Exercise Your Mental Health in 2016

Exercise Your Mental Health in 2016

Many of us will make some sort of New Year’s resolution. In 2015 some of the top resolutions were to stay fit and healthy (37%); lose weight (32%); spend less, save more (25%).1 While these are perfectly fine resolutions, I would challenge everyone to consider their mental health fitness as a priority for 2016.

 

Everyone has mental health! The World Health Organization states that “mental health is an integral part of health; indeed, there is no health without mental health.”2 Poor mental health can lead to higher mortality rates and higher incidence of illness in general. Mental health can be improved and strengthened just as our physical bodies can be.

 

Here are a few tips to strengthen your mental health in the New Year:

 

Eat a healthy diet. Our bodies need energy to carry us through the day. Our minds are no different: “In 2013, a study of almost 11,000 middle-aged women found that those who followed a Mediterranean diet not only lived longer than control participants, but they also had better cognitive function and mental health.”3

 

Exercise regularly. Exercise releases endorphins, which reduce the perception of pain and can induce a feeling of happiness. It is a natural “high” that is good for you and non-addictive.4

 

Get regular sleep. It has been found that “chronic sleep issues have been correlated with depression, anxiety, and mental distress.”5 Experts recommend going to bed at the same time each day and getting up at a regular time as well. Approximately 7-8 hours per night is the recommended amount for adults.

 

Manage your stress. Studies have found that people with chronic stress have more white matter in areas of the brain, which disrupts the normal process of cell communication. This can cause abnormal responses at times of stress.6

 

Volunteer or find a hobby. Engaging in activities with other people, serving others, and being creative have a positive effect on our mood and overall well-being. “Concentrating on a hobby, like gardening or the crossword, can help you forget your worries for a while and change your mood,” say experts from the Mental Health Foundation.7

 

Pray. In the Psalms we are reminded of King David battling his own depression. In Psalm 6, David describes himself as “worn out from [his] groaning,” but in the end he acknowledges God as accepting his prayer. Psalm 13 is another example of how David felt forsaken by God, but in prayer and contemplation he sees God’s love and is sure of his salvation.

 

Seek professional help when necessary. Recognize symptoms and treat them early. The following chart from Mental Health America can help to assess warning signs of mental health conditions:8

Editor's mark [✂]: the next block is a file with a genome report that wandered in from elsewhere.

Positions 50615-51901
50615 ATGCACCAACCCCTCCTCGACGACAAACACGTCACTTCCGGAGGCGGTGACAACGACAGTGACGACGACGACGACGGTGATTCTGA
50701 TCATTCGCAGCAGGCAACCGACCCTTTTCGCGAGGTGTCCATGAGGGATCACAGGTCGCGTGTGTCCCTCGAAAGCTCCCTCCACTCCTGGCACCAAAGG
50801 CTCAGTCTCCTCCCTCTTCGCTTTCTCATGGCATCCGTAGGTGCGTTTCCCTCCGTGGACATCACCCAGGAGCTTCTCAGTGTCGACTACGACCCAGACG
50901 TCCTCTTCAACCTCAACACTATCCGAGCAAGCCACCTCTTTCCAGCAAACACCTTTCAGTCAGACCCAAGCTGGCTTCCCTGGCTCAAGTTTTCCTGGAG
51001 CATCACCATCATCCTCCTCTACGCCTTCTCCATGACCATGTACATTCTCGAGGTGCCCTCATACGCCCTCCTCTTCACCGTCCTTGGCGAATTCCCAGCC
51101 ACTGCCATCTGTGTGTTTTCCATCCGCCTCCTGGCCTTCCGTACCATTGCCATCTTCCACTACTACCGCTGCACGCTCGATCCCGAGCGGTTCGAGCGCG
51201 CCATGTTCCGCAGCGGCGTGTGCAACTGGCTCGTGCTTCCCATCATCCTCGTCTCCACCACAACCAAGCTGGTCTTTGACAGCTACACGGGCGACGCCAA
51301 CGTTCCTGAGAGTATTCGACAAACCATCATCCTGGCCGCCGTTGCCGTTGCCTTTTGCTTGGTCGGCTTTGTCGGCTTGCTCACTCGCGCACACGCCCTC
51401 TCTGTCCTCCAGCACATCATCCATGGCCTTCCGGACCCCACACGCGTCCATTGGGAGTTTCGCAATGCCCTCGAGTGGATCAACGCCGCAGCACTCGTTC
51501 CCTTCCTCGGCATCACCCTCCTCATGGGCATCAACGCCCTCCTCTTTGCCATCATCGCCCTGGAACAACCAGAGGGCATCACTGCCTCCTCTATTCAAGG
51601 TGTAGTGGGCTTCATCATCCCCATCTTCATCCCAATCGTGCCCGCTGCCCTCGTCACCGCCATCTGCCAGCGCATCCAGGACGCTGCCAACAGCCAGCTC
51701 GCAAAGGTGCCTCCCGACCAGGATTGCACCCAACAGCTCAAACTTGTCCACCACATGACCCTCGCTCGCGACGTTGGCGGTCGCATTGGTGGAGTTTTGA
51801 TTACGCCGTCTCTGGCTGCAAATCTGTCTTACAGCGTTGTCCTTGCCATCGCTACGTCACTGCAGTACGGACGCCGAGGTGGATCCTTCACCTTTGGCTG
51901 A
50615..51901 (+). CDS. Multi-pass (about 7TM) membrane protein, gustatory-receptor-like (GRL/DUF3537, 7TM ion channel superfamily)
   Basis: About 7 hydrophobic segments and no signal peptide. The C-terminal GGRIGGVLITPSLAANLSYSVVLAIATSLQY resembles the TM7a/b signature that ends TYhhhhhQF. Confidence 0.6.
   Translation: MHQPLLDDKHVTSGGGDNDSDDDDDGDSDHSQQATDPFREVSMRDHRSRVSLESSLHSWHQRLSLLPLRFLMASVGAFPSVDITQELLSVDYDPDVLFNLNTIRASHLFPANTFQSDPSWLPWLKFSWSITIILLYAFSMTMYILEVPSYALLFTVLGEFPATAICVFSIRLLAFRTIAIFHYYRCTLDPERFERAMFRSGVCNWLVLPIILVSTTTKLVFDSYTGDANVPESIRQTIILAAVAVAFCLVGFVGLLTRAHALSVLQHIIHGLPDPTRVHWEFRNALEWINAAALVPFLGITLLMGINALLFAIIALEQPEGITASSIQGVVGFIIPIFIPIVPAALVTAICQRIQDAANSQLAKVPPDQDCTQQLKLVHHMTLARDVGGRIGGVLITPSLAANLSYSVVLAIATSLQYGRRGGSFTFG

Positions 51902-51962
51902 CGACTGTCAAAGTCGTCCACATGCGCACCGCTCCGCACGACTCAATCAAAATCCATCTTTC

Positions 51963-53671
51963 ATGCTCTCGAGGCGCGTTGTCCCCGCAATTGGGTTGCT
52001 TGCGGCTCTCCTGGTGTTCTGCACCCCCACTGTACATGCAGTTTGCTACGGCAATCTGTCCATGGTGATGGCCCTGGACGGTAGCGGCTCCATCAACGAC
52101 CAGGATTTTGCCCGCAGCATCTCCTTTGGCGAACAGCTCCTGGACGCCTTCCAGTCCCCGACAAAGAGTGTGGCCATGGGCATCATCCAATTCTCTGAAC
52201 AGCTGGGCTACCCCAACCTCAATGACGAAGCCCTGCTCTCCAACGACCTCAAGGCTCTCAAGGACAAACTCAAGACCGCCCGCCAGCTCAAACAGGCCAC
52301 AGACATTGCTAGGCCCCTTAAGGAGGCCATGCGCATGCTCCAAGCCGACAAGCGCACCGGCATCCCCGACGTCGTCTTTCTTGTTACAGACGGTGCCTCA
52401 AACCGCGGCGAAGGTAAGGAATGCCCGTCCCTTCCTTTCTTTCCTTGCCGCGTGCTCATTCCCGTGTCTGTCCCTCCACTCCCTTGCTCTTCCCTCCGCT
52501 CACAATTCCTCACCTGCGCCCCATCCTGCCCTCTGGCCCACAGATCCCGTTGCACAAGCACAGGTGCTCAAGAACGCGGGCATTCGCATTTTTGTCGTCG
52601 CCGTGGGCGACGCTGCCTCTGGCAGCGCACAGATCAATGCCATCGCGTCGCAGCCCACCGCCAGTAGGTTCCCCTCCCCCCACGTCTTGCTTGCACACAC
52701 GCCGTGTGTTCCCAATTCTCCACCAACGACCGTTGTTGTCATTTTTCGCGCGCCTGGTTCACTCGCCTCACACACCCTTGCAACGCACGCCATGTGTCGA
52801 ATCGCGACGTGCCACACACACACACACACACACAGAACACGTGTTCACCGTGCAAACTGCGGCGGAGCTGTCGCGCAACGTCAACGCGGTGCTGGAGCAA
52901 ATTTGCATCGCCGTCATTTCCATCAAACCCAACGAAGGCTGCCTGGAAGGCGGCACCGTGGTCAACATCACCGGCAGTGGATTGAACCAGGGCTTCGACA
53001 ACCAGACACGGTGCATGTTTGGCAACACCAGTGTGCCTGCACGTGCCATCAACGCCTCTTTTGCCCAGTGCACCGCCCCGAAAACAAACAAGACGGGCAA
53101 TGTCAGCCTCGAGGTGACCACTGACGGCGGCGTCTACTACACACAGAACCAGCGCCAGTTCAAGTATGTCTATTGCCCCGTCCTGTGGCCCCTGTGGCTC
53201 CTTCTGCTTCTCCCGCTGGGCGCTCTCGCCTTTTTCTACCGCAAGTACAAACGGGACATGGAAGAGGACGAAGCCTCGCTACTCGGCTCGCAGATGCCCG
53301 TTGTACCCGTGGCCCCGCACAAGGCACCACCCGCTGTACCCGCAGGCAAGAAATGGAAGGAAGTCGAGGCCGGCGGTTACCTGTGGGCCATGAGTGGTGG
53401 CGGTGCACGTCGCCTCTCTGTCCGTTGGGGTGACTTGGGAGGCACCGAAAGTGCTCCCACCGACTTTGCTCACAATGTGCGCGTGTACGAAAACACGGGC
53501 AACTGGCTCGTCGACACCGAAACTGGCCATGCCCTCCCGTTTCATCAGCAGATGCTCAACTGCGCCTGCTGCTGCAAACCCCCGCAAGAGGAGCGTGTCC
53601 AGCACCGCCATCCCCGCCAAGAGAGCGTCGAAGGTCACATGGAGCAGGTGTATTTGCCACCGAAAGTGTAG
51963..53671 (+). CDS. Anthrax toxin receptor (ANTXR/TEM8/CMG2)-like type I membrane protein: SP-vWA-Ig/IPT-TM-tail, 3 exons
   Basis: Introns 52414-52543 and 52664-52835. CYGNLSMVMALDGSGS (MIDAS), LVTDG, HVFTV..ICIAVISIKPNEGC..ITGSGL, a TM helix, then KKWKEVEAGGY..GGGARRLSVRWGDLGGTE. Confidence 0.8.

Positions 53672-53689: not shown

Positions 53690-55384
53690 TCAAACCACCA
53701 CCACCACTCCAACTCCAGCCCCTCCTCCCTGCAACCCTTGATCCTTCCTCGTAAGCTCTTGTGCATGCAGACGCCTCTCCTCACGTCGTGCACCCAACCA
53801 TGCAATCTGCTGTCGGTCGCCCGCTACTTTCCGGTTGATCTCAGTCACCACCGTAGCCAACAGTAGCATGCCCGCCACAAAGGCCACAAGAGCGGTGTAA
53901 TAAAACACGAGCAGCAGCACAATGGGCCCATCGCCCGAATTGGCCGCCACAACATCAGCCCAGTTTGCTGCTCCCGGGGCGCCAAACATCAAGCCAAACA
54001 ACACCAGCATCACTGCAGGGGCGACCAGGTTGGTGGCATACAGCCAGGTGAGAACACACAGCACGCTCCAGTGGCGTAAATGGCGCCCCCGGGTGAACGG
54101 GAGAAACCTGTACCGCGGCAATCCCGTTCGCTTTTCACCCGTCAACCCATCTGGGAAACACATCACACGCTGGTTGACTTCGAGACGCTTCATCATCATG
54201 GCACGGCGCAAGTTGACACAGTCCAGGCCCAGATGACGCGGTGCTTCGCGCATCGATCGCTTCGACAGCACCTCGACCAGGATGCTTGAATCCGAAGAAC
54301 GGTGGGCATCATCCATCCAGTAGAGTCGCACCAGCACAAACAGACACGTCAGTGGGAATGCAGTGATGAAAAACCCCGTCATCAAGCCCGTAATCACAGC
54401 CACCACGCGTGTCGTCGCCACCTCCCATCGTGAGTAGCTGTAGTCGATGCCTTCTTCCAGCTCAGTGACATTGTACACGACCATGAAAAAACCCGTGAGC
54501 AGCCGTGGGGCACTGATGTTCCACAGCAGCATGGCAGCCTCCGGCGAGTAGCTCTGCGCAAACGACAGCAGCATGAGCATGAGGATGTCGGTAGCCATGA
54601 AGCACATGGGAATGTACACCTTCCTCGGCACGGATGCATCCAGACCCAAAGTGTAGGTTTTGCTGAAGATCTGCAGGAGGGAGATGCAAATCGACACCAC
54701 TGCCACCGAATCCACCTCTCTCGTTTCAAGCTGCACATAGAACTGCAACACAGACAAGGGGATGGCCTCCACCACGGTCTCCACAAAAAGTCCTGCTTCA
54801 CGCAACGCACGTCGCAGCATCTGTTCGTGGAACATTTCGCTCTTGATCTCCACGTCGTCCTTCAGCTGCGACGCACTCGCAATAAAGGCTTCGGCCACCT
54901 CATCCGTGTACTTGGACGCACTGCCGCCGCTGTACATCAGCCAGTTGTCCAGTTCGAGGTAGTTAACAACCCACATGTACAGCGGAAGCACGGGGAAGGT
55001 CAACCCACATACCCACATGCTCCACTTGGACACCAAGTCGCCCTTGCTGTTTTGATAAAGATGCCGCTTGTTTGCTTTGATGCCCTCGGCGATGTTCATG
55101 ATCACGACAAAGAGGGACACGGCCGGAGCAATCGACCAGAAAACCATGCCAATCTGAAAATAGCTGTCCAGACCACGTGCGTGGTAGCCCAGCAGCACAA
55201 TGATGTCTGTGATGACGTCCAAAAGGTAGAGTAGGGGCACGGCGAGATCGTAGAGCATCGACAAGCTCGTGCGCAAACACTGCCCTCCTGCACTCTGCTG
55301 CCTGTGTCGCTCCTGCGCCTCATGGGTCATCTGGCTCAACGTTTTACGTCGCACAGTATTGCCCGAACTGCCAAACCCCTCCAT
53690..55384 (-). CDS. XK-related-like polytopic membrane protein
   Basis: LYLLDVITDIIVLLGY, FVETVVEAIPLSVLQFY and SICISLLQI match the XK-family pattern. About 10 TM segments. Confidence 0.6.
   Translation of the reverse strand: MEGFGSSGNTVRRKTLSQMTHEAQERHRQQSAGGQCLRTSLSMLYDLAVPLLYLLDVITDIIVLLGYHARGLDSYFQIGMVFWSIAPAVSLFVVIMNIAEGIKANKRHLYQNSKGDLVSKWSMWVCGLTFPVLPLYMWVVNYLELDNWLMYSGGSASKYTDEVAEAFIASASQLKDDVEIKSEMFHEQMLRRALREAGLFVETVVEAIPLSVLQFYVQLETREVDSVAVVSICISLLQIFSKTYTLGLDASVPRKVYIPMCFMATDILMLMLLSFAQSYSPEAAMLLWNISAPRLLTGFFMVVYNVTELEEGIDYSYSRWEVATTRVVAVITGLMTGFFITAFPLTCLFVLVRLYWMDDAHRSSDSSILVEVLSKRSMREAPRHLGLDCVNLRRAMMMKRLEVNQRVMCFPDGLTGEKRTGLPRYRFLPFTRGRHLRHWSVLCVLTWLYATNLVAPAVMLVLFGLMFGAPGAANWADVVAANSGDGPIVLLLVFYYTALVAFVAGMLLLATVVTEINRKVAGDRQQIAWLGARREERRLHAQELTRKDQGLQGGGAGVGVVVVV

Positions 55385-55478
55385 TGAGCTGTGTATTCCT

Stages of Mental Health Conditions

Stage 1

Mild Symptoms and Warning Signs

At Stage 1, a person begins to show symptoms of a mental health condition, but is still able to maintain the ability to function at home, work or school—although perhaps not as easily as before they started to show symptoms. Often there is a sense that something is “not right.”

Stage 2

Symptoms Increase in Frequency and Severity and Interfere with Life Activities and Roles

At Stage 2, it usually becomes obvious that something is wrong. A person’s symptoms may become stronger and last longer or new symptoms may start appearing on top of existing ones, creating something of a snowball effect. Performance at work or school will become more difficult, and a person may have trouble keeping up with family duties, social obligations or personal responsibilities.

Stage 3

Symptoms Worsen with Relapsing and Recurring Episodes Accompanied by Serious Disruption in Life Activities and Roles

At Stage 3, symptoms have continued to increase in severity, and many symptoms are often taking place at the same time. A person may feel as though they are losing control of their life and the ability to fill their roles at home, work or school.

Stage 4

Symptoms are Persistent and Severe and Have Jeopardized One’s Life

By Stage 4, the combination of extreme, prolonged and persistent symptoms and impairment often results in development of other health conditions and has the potential to turn into a crisis event like unemployment, hospitalization, homelessness or even incarceration. In the worst cases, untreated mental illnesses can lead to loss of life an average of 25 years early.

 

The benefits of being mentally healthy are numerous. As with many other aspects of our life, it takes a bit of effort to maintain positive and healthy mental well-being. Set your goals today and make a plan for a mental health makeover in 2016. God’s blessings on a healthy New Year!

 

Sometimes even though we are working toward being healthy, we might need the help of a professional, whether for physical or mental health concerns. If you need professional help with mental health concerns, our Christian counselors are a resource. Counseling services can be provided in person at one of our clinic locations, or via secure video through our telehealth or Member Assistance Program from anywhere in the country or world. Contact us at 800.438.1772 or e-mail cfc@wlcfs.org(link sends e-mail) to learn more.

 

Sources:
http://www.nielsen.com/us/en/insights/news/2015/2015s-top-new-years-resolution-fitness.html
http://www.who.int/mediacentre/factsheets/fs220/en
http://www.medicalnewstoday.com/articles/286428.php
http://www.webmd.com/depression/guide/exercise-depression
http://healthysleep.med.harvard.edu/healthy/matters/consequences/sleep-and-disease-risk
http://www.medicalnewstoday.com/articles/272703.php
http://www.medicalnewstoday.com/articles/286428.php
http://www.mhawisconsin.org/Data/Sites/1/media/fact-sheets-2015/b4s4-changing-the-way-we-think-2015.pdf